Hubby and I had a blast watching the Golden Globe awards last night. Adding to the enjoyment was an ongoing text-messaging conversation with two of our daughters. The Moyer women can give Joan Rivers a run for her money in the witty comments and fun snark department.
But, the highlight of the evening was watching our beloved Les Misérables pick up awards for Best Motion Picture, Musical or Comedy, Best Actor – Hugh Jackman and Best Supporting Actress – Anne Hatheway. Despite the fact that the title kept being mispronounced as ‘Lay MiséraBLUH’, it had obviously won the hearts of many. And, so it should.
I’ve been in love with Les Misérables since my best friend gave me a cassette copy of the original London cast recording over twenty years ago. I listened to it over and over in the kitchen, stopping frequently to wipe tears with flour dusted hands. Our children grew up listening to the tunes, at home and in the car. Our twelve year old daughter played the musical score on the piano, and directed the crew in a heart-stirring yet hilarious rendition in our basement family room.
I’ve seen the stage production four times, twice in Winnipeg and twice in London. We bought the video of the 10th anniversary concert and watched it over and over. You would think that I have cried all the tears there are to cry by now….but, no.
Hubby and I saw the new movie with one of our daughters after Christmas. I didn’t cry. I sobbed! The pile of dry tissues in my left pocket depleted quickly, while my right pocket became a soggy mess. It was just that sad. And, that good.
The music in Les Miz is absolutely brilliant. It soars with heart-wrenching emotion, prayerful hope, and stirring visions of what the world could be. Anne Hatheway and Hugh Jackman take the music beyond the beauty of lyrics and tune, and inject it with a soul-baring honesty that is at times difficult to watch. Yet, they draw you in to the truth of the story in ways that mere technical perfection cannot. It is this truth that continues to envelop you, forcing you to ponder some big questions of life – questions that continue to haunt us today.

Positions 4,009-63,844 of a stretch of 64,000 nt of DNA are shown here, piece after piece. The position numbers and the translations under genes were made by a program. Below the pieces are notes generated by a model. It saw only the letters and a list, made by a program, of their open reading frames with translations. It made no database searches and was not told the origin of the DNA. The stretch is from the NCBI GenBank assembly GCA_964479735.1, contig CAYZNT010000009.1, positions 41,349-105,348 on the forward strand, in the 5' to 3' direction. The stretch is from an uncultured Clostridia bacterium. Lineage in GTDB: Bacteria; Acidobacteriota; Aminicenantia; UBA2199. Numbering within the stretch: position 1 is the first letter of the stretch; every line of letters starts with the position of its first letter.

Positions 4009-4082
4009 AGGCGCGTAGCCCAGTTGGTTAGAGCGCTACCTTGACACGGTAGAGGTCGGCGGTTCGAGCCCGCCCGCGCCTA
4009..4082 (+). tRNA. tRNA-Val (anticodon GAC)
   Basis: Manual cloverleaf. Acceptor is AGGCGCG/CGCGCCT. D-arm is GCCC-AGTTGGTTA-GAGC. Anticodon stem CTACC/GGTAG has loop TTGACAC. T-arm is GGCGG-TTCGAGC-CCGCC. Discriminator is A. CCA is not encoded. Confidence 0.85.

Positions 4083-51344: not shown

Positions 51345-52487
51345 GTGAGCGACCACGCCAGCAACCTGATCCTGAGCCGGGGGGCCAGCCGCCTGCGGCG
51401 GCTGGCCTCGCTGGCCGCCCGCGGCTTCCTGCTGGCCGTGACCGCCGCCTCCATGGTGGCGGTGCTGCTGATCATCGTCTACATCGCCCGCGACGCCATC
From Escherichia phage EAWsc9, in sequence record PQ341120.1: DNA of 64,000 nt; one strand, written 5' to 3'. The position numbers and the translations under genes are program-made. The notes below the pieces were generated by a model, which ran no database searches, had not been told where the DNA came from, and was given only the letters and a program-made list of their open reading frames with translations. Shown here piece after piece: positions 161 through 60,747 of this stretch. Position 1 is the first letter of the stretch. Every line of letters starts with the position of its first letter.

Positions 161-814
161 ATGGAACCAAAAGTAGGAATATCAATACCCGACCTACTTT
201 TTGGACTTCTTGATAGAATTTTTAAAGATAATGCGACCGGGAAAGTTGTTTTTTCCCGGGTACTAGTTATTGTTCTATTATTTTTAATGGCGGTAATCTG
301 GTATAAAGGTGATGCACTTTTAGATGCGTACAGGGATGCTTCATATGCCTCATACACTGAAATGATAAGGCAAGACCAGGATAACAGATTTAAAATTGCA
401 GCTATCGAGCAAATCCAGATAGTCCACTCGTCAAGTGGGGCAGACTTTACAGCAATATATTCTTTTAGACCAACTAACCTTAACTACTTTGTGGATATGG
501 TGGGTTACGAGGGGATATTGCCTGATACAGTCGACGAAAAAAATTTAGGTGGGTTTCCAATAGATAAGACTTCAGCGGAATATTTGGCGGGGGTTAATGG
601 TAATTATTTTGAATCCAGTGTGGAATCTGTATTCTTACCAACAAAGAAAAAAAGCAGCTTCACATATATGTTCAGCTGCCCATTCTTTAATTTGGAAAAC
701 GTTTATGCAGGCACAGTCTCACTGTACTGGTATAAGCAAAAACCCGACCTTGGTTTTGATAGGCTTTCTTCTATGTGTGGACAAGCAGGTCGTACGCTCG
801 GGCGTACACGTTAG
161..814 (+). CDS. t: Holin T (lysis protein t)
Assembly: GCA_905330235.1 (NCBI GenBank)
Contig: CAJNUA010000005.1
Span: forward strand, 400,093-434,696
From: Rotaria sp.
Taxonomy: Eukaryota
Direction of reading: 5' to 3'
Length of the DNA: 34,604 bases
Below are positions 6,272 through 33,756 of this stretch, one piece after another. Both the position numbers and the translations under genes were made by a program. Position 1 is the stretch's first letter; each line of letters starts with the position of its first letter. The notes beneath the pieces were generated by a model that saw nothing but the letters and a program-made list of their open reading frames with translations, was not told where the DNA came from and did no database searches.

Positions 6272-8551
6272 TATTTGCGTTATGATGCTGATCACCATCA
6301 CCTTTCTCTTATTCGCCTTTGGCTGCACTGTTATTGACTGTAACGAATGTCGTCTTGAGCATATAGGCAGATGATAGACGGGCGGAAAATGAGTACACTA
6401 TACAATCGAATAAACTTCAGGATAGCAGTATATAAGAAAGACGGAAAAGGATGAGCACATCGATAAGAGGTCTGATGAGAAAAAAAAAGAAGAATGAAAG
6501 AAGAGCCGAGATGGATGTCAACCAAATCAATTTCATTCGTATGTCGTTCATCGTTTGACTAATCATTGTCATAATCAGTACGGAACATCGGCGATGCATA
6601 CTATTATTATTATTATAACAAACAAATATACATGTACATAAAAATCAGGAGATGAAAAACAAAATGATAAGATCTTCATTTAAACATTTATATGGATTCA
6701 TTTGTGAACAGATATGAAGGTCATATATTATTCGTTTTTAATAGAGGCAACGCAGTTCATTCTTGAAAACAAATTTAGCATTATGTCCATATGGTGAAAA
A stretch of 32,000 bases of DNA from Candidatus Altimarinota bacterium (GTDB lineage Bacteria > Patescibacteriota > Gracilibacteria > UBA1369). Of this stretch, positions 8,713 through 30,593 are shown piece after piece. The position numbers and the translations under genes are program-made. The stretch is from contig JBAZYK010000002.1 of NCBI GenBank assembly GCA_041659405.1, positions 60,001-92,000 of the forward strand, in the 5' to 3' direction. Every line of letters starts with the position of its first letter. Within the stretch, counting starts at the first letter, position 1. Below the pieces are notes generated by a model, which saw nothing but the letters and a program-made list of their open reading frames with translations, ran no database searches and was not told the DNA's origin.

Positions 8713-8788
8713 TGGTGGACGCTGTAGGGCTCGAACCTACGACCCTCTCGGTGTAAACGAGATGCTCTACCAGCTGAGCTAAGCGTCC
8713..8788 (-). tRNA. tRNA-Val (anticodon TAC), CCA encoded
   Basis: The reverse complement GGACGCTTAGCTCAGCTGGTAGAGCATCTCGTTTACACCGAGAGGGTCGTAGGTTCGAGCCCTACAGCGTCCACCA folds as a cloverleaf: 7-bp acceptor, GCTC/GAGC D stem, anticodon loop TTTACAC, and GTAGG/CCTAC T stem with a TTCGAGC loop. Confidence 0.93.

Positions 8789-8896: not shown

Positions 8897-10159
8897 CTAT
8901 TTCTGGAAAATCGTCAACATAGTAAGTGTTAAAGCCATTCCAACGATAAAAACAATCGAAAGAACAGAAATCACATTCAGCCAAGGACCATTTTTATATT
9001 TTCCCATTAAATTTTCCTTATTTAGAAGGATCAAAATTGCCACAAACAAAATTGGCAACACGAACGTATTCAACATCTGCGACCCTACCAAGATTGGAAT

- Do our justice systems reflect true justice? Are punishments proportional to the crimes committed?
- How do we heal the sinful divide between rich and poor?
- Why do women continue to disproportionately suffer from judgment and poverty when forced to raise a child alone? When will men be held accountable and forced to assume their share of responsibility for the life they bring into the world?
- Who are we? Are we defined by what society tells us we are?
- What is forgiveness? What is redemption? How can we call ourselves Christian if we do not believe in both?
- Why does religious belief go so horribly wrong when it embraces a black and white view of justice?
- When is a cause worth laying down your life for?
- And, always…the power of love to conquer all.
The ideals of the 1832 June Rebellion in Paris reappeared in the Occupy Movements of last year. The call continues to go out to take up the banner for freedom and equality, for a world we all long to see. Sigh…pass the tissues again…
Have you seen the show? What emotions did it stir for you? I’d love to hear your reviews and reactions.